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Get to know Orangetown

Founded by Dutch settlers in 1680, Orangetown is the oldest and southernmost municipality in Rockland, which is somewhat ironic since it’s the farthest from the border with Orange County, located on its complete other side. It was here that Major John Andre, co-conspirator of Benedict Arnold in their treasonous misdeeds, was held in custody at today’s ‘76 House, the old stone tavern in the hamlet of Tappan that touts itself as “the oldest restaurant in America.” Many of Orangetown’s 50,000 inhabitants reside in the villages Grandview-on-Hudson, Piermont, South Nyack, and Nyack, along with a series of defined, unincorporated communities that include Sparkill, Palisades, Blauvelt, and Pearl River. The latter offers train service, on the Metro-North/NJ Transit Pascack Valley Line, and the Palisades Parkway bisects town, making getting around a breeze. You’ll also find countless recreational venues, including Tallman Mountain and Blauvelt State Parks, Piermont Marsh, and several golf courses.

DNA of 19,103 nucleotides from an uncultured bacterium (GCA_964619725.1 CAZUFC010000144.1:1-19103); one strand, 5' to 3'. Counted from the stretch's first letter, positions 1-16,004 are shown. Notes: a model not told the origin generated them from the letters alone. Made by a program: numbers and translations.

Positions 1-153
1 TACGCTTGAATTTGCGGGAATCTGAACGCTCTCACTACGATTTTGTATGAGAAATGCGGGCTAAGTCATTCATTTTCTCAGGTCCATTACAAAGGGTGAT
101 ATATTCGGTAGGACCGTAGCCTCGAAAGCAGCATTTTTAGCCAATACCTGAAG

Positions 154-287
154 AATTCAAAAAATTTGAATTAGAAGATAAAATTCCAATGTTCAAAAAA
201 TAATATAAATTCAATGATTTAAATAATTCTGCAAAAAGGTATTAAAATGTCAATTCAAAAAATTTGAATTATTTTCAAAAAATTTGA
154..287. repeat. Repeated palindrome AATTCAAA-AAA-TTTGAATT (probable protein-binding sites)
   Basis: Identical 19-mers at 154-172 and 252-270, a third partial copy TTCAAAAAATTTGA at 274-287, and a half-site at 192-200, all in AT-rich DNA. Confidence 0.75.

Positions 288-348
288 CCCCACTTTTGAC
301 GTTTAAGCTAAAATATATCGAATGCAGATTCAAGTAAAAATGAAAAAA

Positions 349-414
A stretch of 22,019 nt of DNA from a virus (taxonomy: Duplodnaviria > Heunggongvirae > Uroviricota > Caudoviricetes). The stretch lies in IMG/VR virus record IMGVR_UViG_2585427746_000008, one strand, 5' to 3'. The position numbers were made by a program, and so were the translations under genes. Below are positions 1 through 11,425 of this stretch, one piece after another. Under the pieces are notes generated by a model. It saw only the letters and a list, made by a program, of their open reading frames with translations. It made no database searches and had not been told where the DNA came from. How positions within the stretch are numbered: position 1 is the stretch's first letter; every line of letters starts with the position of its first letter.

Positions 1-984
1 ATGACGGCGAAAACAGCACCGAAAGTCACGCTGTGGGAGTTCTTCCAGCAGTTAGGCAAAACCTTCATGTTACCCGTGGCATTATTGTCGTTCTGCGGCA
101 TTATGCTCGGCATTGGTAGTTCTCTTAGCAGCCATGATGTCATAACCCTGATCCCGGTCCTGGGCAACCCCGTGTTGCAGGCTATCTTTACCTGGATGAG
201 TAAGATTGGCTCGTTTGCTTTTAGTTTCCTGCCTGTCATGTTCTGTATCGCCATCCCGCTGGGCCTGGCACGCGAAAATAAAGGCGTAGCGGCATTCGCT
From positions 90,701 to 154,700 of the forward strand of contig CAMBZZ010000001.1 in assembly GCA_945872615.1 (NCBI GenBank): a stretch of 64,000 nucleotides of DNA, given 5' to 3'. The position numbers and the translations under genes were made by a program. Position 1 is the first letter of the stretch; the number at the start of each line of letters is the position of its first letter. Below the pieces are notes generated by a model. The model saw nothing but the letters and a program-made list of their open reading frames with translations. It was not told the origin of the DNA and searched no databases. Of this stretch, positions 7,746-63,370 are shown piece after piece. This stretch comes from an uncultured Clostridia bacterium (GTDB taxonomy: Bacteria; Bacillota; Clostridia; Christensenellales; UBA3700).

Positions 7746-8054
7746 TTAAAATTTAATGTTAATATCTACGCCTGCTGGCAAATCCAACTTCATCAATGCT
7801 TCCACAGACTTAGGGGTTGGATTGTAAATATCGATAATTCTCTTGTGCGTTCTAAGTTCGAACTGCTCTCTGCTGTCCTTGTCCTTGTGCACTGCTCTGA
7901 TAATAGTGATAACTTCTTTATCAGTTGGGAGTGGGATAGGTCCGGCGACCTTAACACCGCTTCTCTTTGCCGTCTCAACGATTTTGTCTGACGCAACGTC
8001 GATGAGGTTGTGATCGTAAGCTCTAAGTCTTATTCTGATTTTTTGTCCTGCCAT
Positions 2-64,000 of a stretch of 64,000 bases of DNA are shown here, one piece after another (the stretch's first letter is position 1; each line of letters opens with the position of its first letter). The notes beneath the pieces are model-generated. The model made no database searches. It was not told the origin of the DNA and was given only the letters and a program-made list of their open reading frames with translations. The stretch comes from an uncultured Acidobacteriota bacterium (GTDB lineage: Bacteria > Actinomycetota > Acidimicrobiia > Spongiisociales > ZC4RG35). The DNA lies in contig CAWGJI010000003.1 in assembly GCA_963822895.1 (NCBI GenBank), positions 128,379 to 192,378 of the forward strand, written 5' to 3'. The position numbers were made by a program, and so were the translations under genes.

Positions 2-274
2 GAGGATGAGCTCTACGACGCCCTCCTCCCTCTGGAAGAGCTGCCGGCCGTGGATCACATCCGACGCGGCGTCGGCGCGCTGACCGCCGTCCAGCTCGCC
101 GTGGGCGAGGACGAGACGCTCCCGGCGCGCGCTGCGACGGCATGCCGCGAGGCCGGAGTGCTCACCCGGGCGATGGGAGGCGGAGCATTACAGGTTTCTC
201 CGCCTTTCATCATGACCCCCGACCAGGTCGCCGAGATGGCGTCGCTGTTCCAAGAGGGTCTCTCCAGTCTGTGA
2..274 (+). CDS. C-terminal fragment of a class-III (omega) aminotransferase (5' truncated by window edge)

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Living in Rockland County

Set along the west shore of the Hudson above Bergen County, New Jersey, and across the Tappan Zee from Westchester, suburban Rockland accounts for the smallest county in New York State and its third most densely-populated within the NYC metro—the straight line distance from its southernmost tip to city limits is just six miles. True to its name, the area boasts a rugged landscape framed by the Ramapo Mountains and the Palisades, shared by five towns, 19 villages, and countless hamlets. They’re well-connected by the New York State Thruway, Palisades Parkway, and Metro-North’s Port Jervis and Pascack Valley lines, which operate over NJ Transit to Hoboken (or Penn Station, with transfer) rather than Grand Central. Unlike the east shore, Rockland’s tracks primarily run inland, blessing its riverfront homes with unobstructed water access. Thanks to railroad baron E.H. Harriman, the county’s northernmost reaches are preserved as Bear Mountain/Harriman State Park, a natural wonder drawing countless visitors year-round.